Chrissy Teigen Breaks Down Why Normalizing Formula Is So Necessary
"I dunno why this is my crusade now. I just remember the sadness I felt and want you to know you are doing it right if your baby is fed, mama."
Though 2020 has been a year of unexpected and unwelcome changes, one thing we can all still depend on is Chrissy Teigen delivering steaming hot bowls of sweet Mom Realness. In a Twitter thread, Teigen urged people to "normalize formula" feeding. "Normalize breastfeeding is such a huge, wonderful thing," she tweeted. "But I absolutely felt way more shame having to use formula because of lack of milk from depression and whatnot." The (overwhelmingly positive) responses to the tweets go to show that this is welcome, and necessary, conversation for many moms who were made to feel "less than" for choosing to formula feed their babies.
According to data from the Centers for Disease Control and Prevention (CDC), formula feeding is technically normalized – 19% of babies receive formula supplementation within the first two days of life. And while more 58% of babies are breastfed through the age of six months old, only about 25% are exclusively breastfed. In other words, the majority of American infants receive formula, either as an important supplement or primary source of nutrition. Nevertheless, the mom-shaming (and mom-guilt) persists.
One could argue this began in the early-1990s. Discouraged by the decline of breastfeeding rates through the '80s, UNICEF began the Baby-Friendly Hospital Initiative, which seeks to improve breastfeeding among new mothers. Various public health campaigns around the world, including the (in)famous "Breast Is Best" campaign promoted the message that breast milk was the perfect food for babies. And, perhaps as a result, more babies around the world were breastfed.
But even in the absence of judgmental people who take it upon themselves to shame those who formula feed their babies, the oft-repeated benefits of exclusive breastfeeding – to the exclusion of all other options – has often resulted in guilt or shame for mothers who cannot, for whatever reason, successfully breastfeed their children (or perhaps those who just prefer not to). Including Teigen.
"I remember pumping my A** OFF, highest mode, so often, because I didn't trust milk was going into their mouthes if I breastfed. it drove me mad to the point I could only get an ounce. an ounce! The stress of it, combined with the guilt that you cannot do nature's most natural thing for your own baby is too much," she tweeted.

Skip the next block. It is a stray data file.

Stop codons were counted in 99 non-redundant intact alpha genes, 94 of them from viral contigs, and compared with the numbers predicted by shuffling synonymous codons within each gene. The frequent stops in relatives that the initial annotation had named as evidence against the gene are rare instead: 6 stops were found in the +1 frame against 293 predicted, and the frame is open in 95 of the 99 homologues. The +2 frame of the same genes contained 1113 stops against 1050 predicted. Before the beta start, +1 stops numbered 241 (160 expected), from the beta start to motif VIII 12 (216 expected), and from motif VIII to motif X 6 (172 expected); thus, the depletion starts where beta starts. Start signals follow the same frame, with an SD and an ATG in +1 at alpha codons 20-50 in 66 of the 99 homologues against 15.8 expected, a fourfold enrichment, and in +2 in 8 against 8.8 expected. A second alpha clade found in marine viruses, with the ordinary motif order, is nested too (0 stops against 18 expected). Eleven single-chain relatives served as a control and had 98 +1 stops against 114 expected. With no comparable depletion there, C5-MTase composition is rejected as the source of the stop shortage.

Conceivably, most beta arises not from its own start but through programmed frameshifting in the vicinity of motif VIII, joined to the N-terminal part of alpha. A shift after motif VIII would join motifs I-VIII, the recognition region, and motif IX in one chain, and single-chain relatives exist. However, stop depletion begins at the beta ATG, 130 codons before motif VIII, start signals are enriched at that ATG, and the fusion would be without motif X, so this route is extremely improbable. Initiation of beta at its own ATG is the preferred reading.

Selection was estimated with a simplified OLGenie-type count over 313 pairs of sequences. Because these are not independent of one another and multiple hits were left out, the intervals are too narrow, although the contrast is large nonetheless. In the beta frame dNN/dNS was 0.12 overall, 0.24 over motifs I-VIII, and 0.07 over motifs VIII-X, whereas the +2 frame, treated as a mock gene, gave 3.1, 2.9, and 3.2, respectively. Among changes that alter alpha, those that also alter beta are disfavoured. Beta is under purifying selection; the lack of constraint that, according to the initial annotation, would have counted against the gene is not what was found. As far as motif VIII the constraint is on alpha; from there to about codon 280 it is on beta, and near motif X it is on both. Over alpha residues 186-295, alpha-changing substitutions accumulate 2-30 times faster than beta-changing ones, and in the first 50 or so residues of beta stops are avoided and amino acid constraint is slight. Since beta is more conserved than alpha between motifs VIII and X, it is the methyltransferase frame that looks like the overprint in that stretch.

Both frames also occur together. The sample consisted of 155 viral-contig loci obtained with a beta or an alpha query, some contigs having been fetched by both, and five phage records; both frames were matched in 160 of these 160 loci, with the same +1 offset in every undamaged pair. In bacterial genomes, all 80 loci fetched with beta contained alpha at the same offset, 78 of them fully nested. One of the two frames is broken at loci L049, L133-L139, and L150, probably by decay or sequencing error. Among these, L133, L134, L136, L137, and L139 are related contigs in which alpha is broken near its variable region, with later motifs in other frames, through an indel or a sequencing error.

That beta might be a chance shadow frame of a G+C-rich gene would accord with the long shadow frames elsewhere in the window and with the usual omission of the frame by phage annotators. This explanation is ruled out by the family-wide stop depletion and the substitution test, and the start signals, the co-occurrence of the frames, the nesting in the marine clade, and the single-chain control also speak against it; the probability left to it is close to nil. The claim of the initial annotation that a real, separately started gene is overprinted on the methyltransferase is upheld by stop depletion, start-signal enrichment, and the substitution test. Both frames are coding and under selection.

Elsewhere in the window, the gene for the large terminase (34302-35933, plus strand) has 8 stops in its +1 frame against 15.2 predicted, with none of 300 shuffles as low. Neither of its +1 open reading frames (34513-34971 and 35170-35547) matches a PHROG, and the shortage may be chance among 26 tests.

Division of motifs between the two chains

Teigen – who has two children, Luna, 4, and Miles, 2 with husband John Legend – has been extremely open about her struggles with motherhood in the past. She has discussed infertility and IVF. In 2017, she opened up about her experience with postpartum depression in a self-penned article for Glamour. "I’m speaking up now because I want people to know it can happen to anybody and I don’t want people who have it to feel embarrassed or to feel alone," she wrote. "I also don’t want to pretend like I know everything about postpartum depression, because it can be different for everybody. But one thing I do know is that — for me — just merely being open about it helps." And in September, she shared photographs from the hospital when she lost her son, Jack, at about 20-weeks gestation, and later wrote a powerful essay detailing the experience and the grief that followed.
Discussing the realities many moms face when it comes to how to feed their babies, therefore, is solidly on-brand. Hundreds of comments on the Twitter thread, from moms, parents, and medical professionals alike, thanked Teigen for speaking up on the subject. Many expressed their own feelings of guilt and sadness about not being able to breastfeed. Others shared horror stories about doctors, nurses, friends, and family members who put pressure on them to nurse.
"I have had so many new moms in absolute emotional extremis [sic] because nursing isn’t going well, and who break down completely when I tell them that they have no reason to feel like they are doing something wrong or have failed if they use formula," pediatrician Daniel Summers replied to Teigen's tweets. "It’s such a toxic message."
"I dunno why this is my crusade now," Teigen closed. "I just remember the sadness I felt and want you to know you are doing it right if your baby is fed, mama."